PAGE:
Welcome to the world of Nootropics: The secret weapon for modern mad men and wolves of Wall Street.
The influential and affluent New York City based magazine The Observer recently ran a worthy story on nootropics which heavily trended Modafinil. The magazine is known to offer insight and analysis on trends and to celebrate thinkers who get things done. The Observer website boasts: “Our team analyses and reveals cutting-edge technologies and the cultural shifts that require new methodologies.” So the topics of modafinil and nootropics were a natural fit for the magazine to explore. The article is fairly balanced and ultimately takes the slant that these substances can be helpful and healthy boosts for the modern corporate work world lifestyle.
The article, Nootropic Brain Drugs Rise in Popularity for Today’s Cutthroat Corporate Climbers, begins by delving into the world of modafinil, interviewing a corporate strategist working with health care companies on their mergers, who learned to outshine his coworkers with the help of brain boosting nootropics like modafinil and piracetam. The author of the article, Jack Smith IV, then interviewed former Google executive and Nootrobox co-owner Michael Brandt in San Francisco.
“We only have 24 hours in each day, and we are all trying to figure out how too make better use of that time. It’s the unifying theme that connects Google with Uber with Nootrobox with P90X.”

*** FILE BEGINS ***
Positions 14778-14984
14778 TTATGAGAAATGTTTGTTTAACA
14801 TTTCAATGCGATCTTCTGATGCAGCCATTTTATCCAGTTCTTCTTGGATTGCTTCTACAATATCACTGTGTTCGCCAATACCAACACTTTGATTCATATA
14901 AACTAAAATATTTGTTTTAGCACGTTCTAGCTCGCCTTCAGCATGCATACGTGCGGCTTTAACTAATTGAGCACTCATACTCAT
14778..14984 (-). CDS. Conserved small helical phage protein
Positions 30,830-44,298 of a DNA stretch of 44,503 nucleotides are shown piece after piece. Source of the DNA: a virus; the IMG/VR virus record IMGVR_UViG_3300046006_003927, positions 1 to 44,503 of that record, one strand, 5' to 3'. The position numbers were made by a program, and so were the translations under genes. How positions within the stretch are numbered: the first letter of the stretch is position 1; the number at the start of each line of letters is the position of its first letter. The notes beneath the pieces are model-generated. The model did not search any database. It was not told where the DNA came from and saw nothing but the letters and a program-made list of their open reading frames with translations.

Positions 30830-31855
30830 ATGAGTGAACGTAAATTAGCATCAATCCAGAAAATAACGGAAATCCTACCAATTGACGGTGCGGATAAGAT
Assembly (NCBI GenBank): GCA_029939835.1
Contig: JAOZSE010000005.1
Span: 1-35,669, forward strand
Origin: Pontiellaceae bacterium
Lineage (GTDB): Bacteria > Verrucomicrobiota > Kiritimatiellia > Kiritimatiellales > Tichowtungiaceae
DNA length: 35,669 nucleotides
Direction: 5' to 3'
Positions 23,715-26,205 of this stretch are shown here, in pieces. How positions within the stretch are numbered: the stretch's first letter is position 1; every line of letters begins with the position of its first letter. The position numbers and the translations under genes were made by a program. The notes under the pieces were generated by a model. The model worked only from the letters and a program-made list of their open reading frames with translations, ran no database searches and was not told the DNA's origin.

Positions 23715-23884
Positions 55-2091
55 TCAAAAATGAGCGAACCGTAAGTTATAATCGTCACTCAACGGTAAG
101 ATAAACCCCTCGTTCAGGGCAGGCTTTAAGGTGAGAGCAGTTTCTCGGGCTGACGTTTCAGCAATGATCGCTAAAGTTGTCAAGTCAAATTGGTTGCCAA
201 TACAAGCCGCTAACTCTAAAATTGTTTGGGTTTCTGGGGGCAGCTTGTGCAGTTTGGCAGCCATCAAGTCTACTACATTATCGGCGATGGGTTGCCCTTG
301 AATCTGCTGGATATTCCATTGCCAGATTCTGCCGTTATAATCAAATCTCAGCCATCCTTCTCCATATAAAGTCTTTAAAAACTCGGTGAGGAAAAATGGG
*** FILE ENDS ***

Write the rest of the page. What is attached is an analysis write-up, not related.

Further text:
Brandt explained why in an era of efficiency trumping excess, nootropic brain supplements are poised to become the drug of choice. He drew parallels between the way athletes train their bodies—strength training, cardio, nutritional supplements and tertiary skills—with brain games, meditation, exercises with focus and, of course, nootropics.
Smith then takes the article into the area of the ethics of cognitive enhancing supplements. He interviews neuroscientist Dr. Richard Isaacson and Michael Gazzaniga, a cognitive neurobiologist and the director of the SAGE Center for the Study of the Mind at University of California, Santa Barbara, who was among the first group of scientists and ethicists who looked at the ethics around nootropics about a decade ago.
That work resulted in a seminal 2008 paper published in Nature called “Towards responsible use of cognitive-enhancing drugs by the healthy,” which concluded that innovation in nootropics was both important and most certainly on its way.
But Mr. Gazzaniga, who worked on the Nature paper, says not much has changed in nootropics since then. He said he hasn’t seen anything in a supplement that goes beyond a “caffeine effect” and into the realm of actually expanding memory and intellectual capability—the original promise of nootropics.
“Most of them can be chased down to effects on alertness,” Mr. Gazzaniga said. “But they won’t extend your mental capacity to a high order of cognition.”
Jack Smith also interviews “prominent productivity gurus” Tim Ferris, Dave Asprey and Jo Rogan (4-Hour Work Week, Bulletproof Coffee, and Alpha Brain) who have all used, developed and sold nootropic stacks. They credit brain supplements for some of their success, certainly with keeping their minds running clear at a high level.
The article ends with a first person perspective review of Nootrobox products Rise and their newest offering Sprint. The author, Jack Smith, tried both products. Both have significant helpful effects, as he found himself running at his peak performance for longer than expected.
“For the modern mad men and wolves of Wall Street, gone are the days of widespread day drinking and functional cocaine use. Instead, in this age of efficiency above all else, corporate climbers sometimes seek a simple brain boost, something to help them to get the job done without manic jitters or a nasty crash. For that, they are turning to nootropics.”
The full article can be read here: